Wednesday, October 10, 2007

The Lamb of God

In Christianity, we have the saying, "the Lamb of God, who taketh away the sins of the world."

Of course this phrase refers to Christ.

It also seems to me to imply a certain emotional quality that we can acquire in an inner sense. This quality offers us a purity of motive and a lack of presumption in the way in which we meet life. But it is a tangible physical quality, not just an attitude or a set of ideas. It is a softening of the experience of the entire inner and outer state.

I am bringing this question of psychology up again because I am almost finished reading Trungpa's "cutting through spiritual materialism." I think the book is a terrific piece of work, but once again, like many other teachings we can read about, in the end it comes across as a set of ideas, not physical practices. And I am quite certain that we can cram ourselves utterly full of ideas without really much of anything changing, except our ideas about things.

Where is the physical practice?

The actual inner state needs to change, and this can only be accomplished through effort with attention within life. Just doing it in meditation will never be enough. We have to be willing to meet ordinary life with a tangible quality of being that is softer and more receptive, a quality that does not reject our life so readily. Above all it is the blood of the lamb that takes away sin. One hears talk of being washed in the blood of the Lamb; a powerful image, difficult to understand.

My own take on it today is as follows:

What cleanses us of our identification, our attachment, is to be immersed and bathed in the most essential part of our lives, in this sacred, coursing, energetic power of our very identity itself. We must become alive within the blood.

This brings me back to the idea of intentional suffering, which I have pondered for many years. This idea of intentional suffering was the second of the two intentional efforts of Being that Gurdjieff said we need to make in order to prepare ourselves for what he termed the second conscious shock.

I don't think that Gurdjieff's literature offers any specific instruction on exactly what this means, aside from the idea that it consists of not expressing negative emotion. Personally I think there are practices much deeper than that implied here, ones that cannot be touched with the tongue so easily--and that is exactly what we need to do, acquire their taste.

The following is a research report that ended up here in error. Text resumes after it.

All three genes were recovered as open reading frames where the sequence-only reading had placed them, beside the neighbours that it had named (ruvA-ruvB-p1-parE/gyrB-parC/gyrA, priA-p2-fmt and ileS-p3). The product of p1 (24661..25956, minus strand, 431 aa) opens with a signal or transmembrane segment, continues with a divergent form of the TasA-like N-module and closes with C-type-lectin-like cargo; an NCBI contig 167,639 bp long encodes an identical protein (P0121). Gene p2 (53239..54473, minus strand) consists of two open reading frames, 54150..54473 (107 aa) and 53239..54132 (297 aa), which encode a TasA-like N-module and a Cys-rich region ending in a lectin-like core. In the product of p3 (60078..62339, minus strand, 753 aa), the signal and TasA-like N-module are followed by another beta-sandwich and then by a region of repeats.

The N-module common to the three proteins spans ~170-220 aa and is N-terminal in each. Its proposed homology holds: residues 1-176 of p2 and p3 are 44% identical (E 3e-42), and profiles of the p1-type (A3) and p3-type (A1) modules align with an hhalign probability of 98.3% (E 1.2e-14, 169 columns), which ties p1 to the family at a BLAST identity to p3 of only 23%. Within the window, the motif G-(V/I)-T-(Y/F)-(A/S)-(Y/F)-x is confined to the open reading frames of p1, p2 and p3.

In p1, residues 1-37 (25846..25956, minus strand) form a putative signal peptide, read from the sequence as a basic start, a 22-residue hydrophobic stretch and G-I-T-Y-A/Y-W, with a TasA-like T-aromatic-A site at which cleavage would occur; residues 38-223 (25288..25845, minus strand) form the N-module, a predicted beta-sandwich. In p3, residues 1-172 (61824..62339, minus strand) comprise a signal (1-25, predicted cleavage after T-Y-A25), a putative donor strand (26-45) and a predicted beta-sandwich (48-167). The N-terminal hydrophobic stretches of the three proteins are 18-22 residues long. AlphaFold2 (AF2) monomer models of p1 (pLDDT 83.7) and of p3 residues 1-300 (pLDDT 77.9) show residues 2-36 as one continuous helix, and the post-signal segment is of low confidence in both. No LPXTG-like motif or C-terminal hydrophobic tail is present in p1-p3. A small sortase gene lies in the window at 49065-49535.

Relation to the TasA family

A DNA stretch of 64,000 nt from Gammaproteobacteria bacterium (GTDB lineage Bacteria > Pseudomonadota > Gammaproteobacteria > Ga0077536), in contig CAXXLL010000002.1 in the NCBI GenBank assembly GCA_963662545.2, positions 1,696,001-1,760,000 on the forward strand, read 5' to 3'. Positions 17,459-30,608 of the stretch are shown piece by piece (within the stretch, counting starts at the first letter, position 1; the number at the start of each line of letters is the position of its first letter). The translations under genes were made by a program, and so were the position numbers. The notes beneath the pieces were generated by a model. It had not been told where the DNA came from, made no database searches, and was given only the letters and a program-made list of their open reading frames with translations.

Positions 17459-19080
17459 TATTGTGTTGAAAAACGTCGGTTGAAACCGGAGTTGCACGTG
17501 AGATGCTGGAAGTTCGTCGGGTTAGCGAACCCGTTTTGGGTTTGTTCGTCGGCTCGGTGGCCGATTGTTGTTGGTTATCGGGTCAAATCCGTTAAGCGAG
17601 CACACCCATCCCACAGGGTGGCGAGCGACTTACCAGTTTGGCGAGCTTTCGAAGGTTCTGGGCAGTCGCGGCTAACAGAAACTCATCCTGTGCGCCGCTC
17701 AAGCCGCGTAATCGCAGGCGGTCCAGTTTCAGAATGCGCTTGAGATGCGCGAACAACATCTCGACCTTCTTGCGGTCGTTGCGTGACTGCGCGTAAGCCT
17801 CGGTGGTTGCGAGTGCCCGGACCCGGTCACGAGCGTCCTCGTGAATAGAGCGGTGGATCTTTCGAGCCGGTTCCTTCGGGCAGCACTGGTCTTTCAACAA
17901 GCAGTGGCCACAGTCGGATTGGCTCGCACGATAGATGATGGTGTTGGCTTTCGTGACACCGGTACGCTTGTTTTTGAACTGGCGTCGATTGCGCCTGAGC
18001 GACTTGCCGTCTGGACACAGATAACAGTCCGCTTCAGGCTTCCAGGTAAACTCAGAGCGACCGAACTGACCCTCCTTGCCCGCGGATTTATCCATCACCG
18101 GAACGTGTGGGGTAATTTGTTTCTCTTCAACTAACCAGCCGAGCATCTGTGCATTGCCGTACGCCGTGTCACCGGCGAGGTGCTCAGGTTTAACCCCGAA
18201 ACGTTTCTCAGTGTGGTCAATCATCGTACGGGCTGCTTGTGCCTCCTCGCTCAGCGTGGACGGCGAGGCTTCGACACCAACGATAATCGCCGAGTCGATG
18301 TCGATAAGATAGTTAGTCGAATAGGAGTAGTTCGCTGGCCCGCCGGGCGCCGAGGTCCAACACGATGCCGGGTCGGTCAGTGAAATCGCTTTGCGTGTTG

In considering the idea from the point of view of today's physical and emotional state -- intellectually, I seem to be more passive today--I find intentional suffering consists of allowing life's energy to enter me. This is a tricky thing; what does that mean, to let life's energy enter me?

As I go through my day, I see that there is constant resistance to accepting the condition of the body, the condition of the emotional reaction. The resistance often consists of a lack of will to bring myself to where I am. Jeanne DeSalzmann frequently spoke of this particular question; it is peppered throughout the personal documents she left, as well as the records of her talks. As she put it, we don't want to be here. We don't want to allow life to enter us. It is actually rather difficult work, and we are essentially lazy in this regard. It's much easier to fall back on our habits and coast.

To be bathed in the blood of the Lamb, to be fully immersed within life, invested within the self within life, would be a big thing.

We need help with that. The connection that Gurdjieff proposed we establish with our emotional being was a step in the direction of awakening ourselves to our Master's voice, so that we can hear His instruction and began to live again in a direction that is born in gratitude and thirsts for Grace.

The next post , Insh'allah, will be another in my series of postings from the business class lounge at the airport in Seoul. Cannot absolutely guarantee it, but I will do my best.

May your trees bear fruit, and your wells yield water.

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